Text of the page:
Tutorials and tips for the solar eclipse

There are many ways to capture great images and movies of a total eclipse of the Sun. I outline them all in great detail in my 380-page ebook How to Capture the Solar Eclipses, linked to at right.

Originally published in June 2023, I revised the ebook following the October 14, 2023, annular eclipse of the Sun to include “lessons learned at the eclipse” and some processing tutorials on assembling annular eclipse composites. I’ve also added new content on using software to control cameras and updated information about solar filters.

[Related Reading: Delta schedules a special flight to let you capture April’s solar eclipse from the sky]

Brief Tips and Techniques

The August 21, 2017 total solar eclipse over the Grand Tetons as seen from the Teton Valley in Idaho, near Driggs.

This is from a 700-frame time-lapse and is of second contact just as the diamond ring is ending and the dark shadow of the Moon is approaching from the west at right, darkening the sky at right, and beginning to touch the Sun. The peaks of the Tetons are not yet in the umbral shadow and are still lit by the partially eclipsed Sun.

With the Canon 6D and 14mm SP Rokinon lens at f/2.5 for 1/10 second at ISO 100.

My breakdown of recommended methods, in order from simplest to most complex, and with increasing demands on your time, is generally this:

Use a Phone Camera for a Movie. While they can be used for a quick handheld grab shot during totality, a better method is to place a phone on a tripod using a clamp of some kind. Then a few minutes before totality aim and frame the scene, with no filter over the camera lens. Start it in movie mode to record video of the eclipse and sky changes, and the excited sounds of your group! Just remember to stop the video shortly after the end of totality and aim the phone away from the Sun. Never leave any unfiltered camera aimed at the Sun for a long time.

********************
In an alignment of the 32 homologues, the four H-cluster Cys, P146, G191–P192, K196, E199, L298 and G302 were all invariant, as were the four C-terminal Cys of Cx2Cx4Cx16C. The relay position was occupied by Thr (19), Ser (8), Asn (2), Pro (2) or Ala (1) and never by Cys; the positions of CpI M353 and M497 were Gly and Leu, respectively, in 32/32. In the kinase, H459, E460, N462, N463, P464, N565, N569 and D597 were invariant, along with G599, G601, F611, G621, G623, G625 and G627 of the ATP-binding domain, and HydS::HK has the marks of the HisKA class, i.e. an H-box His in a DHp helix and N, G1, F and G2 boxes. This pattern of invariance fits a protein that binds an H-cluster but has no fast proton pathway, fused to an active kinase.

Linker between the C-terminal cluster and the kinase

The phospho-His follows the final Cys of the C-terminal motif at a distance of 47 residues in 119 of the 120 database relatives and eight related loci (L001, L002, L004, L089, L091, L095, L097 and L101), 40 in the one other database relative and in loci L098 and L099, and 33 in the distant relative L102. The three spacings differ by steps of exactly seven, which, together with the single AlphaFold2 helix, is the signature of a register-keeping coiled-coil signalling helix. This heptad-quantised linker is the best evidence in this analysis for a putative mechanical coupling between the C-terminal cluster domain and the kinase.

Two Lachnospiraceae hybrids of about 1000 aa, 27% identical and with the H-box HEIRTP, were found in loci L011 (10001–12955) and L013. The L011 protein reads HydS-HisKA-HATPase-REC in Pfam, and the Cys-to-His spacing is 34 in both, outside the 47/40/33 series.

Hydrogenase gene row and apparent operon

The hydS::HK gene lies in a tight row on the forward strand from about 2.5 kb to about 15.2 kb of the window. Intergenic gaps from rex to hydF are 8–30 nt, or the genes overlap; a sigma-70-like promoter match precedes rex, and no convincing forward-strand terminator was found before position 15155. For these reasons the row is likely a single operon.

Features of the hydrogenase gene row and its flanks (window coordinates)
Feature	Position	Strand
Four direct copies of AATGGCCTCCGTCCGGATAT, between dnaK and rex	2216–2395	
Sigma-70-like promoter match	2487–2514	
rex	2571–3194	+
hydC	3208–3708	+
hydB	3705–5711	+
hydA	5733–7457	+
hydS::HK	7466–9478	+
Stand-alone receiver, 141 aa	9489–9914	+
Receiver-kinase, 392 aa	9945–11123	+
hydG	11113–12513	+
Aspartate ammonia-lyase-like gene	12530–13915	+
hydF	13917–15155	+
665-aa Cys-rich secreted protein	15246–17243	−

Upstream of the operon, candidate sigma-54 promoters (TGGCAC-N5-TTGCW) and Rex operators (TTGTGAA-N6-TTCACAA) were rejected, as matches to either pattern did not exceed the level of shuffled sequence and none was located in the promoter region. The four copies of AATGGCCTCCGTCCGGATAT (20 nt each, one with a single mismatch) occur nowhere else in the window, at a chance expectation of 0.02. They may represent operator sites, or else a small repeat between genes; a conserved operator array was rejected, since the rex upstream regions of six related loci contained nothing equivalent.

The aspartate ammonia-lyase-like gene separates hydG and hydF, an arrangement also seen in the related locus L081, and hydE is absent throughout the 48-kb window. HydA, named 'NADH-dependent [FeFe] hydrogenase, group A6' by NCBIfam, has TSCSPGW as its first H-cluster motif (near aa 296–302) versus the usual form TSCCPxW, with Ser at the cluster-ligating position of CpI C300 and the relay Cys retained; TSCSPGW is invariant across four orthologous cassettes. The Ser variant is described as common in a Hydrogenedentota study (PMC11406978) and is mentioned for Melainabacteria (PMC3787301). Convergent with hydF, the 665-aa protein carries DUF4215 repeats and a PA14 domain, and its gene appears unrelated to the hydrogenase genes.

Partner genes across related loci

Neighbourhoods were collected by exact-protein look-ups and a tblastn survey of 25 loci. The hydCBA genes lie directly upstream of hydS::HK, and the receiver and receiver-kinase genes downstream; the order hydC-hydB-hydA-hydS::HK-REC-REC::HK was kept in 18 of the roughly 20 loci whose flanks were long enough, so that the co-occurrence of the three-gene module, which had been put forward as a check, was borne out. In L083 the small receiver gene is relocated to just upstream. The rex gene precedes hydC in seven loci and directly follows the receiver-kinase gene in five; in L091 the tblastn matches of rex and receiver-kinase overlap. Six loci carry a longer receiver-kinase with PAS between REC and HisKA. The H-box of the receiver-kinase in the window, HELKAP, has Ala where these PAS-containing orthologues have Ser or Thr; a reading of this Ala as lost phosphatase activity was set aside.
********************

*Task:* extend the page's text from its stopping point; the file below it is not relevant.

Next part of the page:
Shoot a Wide-Angle Time-Lapse. Using a DSLR or mirrorless camera and a wide-angle lens (it might need to be as wide as a 14mm at sites in Mexico and the southern U.S.) aim and frame the camera to include the Sun and landscape below. Focus the lens! And leave it on manual focus. But put the camera into Auto-Exposure Aperture Priority (Av) with wide-area metering and with it set to underexpose by -1 EV Exposure Compensation. With the camera at ISO 100 or 200, use either its internal intervalometer (if it has one) or an external intervalometer to take frames once per second. Start the sequence with no filter on the lens a few minutes before totality. Let it run on its own until a few minutes after totality. The result is hundreds of frames you can turn into a time-lapse movie of the lunar shadow approaching and receding, and of the changes in sky colours. Or you can extract single frames at key points to process individually, as I did for the image above from August 2017. The advantage, as with the phone camera movie method, is that the camera, once going, requires no further attention. You can enjoy the eclipse!

Shoot a Telephoto Video. Use a 300mm to 500mm lens on a DSLR or mirrorless camera to shoot a real-time close-up video of the eclipse. Start the video a minute or two before totality with the Sun positioned to the left of frame centre and with a solar filter over the lens. Use a slow ISO, the lens wide open (typically f/4 to f/5.6) and the camera on Auto-Exposure Aperture Priority (Av). Just be careful to focus precisely on the filtered Sun before starting the video. Poor focus is what spoils most eclipse images, not poor exposure. Just before totality (about 30 seconds prior to Second Contact) remove the filter. The auto-exposure will compensate and provide a proper exposure for the rest of totality. Just let the camera run and the Sun drift across the frame from left to right. Just remember to replace the filter, or cap the lens, and stop the video shortly (~30 seconds) after totality and Third Contact. The video will capture the diamond rings and a well-exposed corona. Vary the exposure compensation during totality if you wish, but that involves more work at the camera. Otherwise, you can just let the camera run. But, as I illustrate in my ebook, it’s important to plan and place the Sun correctly to begin with (using a planetarium app to plan the sequence), so it does not drift off the frame or close to the edge.